What does the company get in return? Well, for one thing, I’m so grateful for flexibility in schedule that I will happily work overtime if it’s necessary (and sometimes even when it’s not because this job is so wonderful, it’s addicting). I offer life-lessons I have learned from things that have worked or not worked in past experiences. Also, as stated in the study linked above:

Research by David Galenson of the University of Chicago showed that approaches to problem-solving differ between generations, and Galenson found that older people tend to do better at solving thorny, complicated problems due to the deeper levels of understanding they have acquired over the course of their careers.

Good stuff, that. ๐Ÿ™‚

Anyway, I just wanted to share this because it’s been in my thoughts this week. And I’m really thankful for my job.

BTW, if you are into tech and/or customer support, we’re hiring (and age won’t be a factor against you ๐Ÿ˜‰ ).

Packing and GM Prep

Pride isn’t a super attractive trait. That said, I’m pretty proud of my latest packing feat. It’s always my goal to pack light–usually packing for a week in a single backpack. I went a bit over that this time, but not much. These were the factors I had to incorporate:

Travel for a week in Whistler, Canada. (Passport and paperwork essential.) Temperatures in a high near 70F for half the week, and highs in the mid 40s the other half. Nights in the 30s (and I have to walk to restaurants). And room to bring home extra stuff I accumulate during the week.

Events to pack for:

  • Presenting a flash talk
  • Teaching a short class
  • Attending workshops/classes/meetings
  • Early morning (cold) walks with friends/co-workers.
  • Three hrs mountain biking (rain predicted)
  • An ecology/geology walk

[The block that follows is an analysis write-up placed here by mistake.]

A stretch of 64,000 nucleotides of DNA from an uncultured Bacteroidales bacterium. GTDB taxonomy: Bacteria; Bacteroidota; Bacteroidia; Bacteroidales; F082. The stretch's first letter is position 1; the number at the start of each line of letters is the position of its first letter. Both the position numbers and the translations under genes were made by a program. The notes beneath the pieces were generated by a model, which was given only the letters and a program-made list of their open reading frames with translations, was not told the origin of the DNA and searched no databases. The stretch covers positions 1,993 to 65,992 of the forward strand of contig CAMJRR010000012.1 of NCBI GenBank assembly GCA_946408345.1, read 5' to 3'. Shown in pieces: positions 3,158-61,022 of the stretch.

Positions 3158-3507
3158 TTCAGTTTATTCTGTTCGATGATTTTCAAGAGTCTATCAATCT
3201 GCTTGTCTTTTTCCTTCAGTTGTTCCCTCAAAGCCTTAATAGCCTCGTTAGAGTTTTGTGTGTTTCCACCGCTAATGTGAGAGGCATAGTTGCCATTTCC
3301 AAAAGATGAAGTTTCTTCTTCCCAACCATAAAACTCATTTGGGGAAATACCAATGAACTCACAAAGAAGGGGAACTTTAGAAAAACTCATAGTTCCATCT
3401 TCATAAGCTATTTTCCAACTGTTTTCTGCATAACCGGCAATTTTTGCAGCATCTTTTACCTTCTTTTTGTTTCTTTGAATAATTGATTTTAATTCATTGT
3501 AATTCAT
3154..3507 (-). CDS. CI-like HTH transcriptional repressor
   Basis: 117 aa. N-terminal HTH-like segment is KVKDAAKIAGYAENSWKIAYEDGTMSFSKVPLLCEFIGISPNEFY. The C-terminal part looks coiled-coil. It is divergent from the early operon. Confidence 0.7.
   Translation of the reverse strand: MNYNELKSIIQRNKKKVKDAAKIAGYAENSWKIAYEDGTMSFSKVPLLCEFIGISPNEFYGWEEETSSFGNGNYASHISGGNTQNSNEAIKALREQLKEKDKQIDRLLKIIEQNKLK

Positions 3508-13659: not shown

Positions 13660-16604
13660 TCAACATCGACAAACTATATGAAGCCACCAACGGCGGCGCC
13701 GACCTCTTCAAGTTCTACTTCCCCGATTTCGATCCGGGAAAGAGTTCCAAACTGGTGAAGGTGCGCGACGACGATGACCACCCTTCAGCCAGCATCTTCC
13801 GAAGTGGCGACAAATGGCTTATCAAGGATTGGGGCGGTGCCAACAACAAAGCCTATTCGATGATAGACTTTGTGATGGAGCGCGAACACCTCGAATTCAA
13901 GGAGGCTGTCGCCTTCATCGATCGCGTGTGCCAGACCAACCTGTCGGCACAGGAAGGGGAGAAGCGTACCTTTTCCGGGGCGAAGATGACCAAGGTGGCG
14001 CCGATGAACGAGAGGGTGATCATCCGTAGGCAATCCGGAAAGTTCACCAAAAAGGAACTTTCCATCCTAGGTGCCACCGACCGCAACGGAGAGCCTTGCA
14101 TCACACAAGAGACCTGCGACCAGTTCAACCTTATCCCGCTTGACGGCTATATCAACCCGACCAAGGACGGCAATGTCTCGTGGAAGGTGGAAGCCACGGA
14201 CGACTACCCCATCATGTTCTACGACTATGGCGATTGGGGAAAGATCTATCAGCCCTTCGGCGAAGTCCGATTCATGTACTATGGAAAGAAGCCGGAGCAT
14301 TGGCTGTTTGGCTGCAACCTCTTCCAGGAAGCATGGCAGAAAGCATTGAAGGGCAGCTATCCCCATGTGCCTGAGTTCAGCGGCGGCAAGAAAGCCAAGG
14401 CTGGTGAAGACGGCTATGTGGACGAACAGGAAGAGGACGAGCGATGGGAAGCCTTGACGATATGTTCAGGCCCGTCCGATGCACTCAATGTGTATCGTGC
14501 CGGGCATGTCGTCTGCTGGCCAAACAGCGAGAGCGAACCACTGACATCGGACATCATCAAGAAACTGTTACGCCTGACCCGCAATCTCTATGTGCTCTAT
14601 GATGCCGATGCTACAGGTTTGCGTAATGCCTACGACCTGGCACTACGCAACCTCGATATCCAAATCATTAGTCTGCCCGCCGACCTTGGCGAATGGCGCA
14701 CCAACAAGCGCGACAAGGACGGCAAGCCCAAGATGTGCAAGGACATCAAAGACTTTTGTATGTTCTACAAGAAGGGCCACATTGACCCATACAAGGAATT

• A jiujitsu class
  • Two swing dance classes
  • An escape room
  • A party for which we were encouraged to bring neon and sparkly clothing

This took a lot of thought…compounded by the fact that I had to find warmer clothes, which were still in boxes from our move. And I discovered key essentials (such as travel toothpaste) were still safely ensconced at our old house, three hrs away.

But I did it! And I have a bag mostly empty, ready to bring home swag I pick up at the Grand Meetup ๐Ÿ™‚

What’s the GM? I work for a distributed company and interact very closely with my co-workers in an online environment, but all 450-ish of us only get to meet face-to-face one time a year. (We have smaller team meetups during the year, but this is the biggie.)

For an entire week we play, bond, pool brain power to make WordPress.com/Jetpack/mobile apps (I wrote this using the WordPress mobile app while I was on the plane yesterday)/etc. better. In short, I get to geek out and collaborate with others like me with no guilt.

It’s exhausting, exhilarating and inspirational. Meeting my co-workers makes me more comfortable working with them online throughout the year, and I love how this team effort helps us help others.

And I’m super happy I got all the traveling stuff in my bag.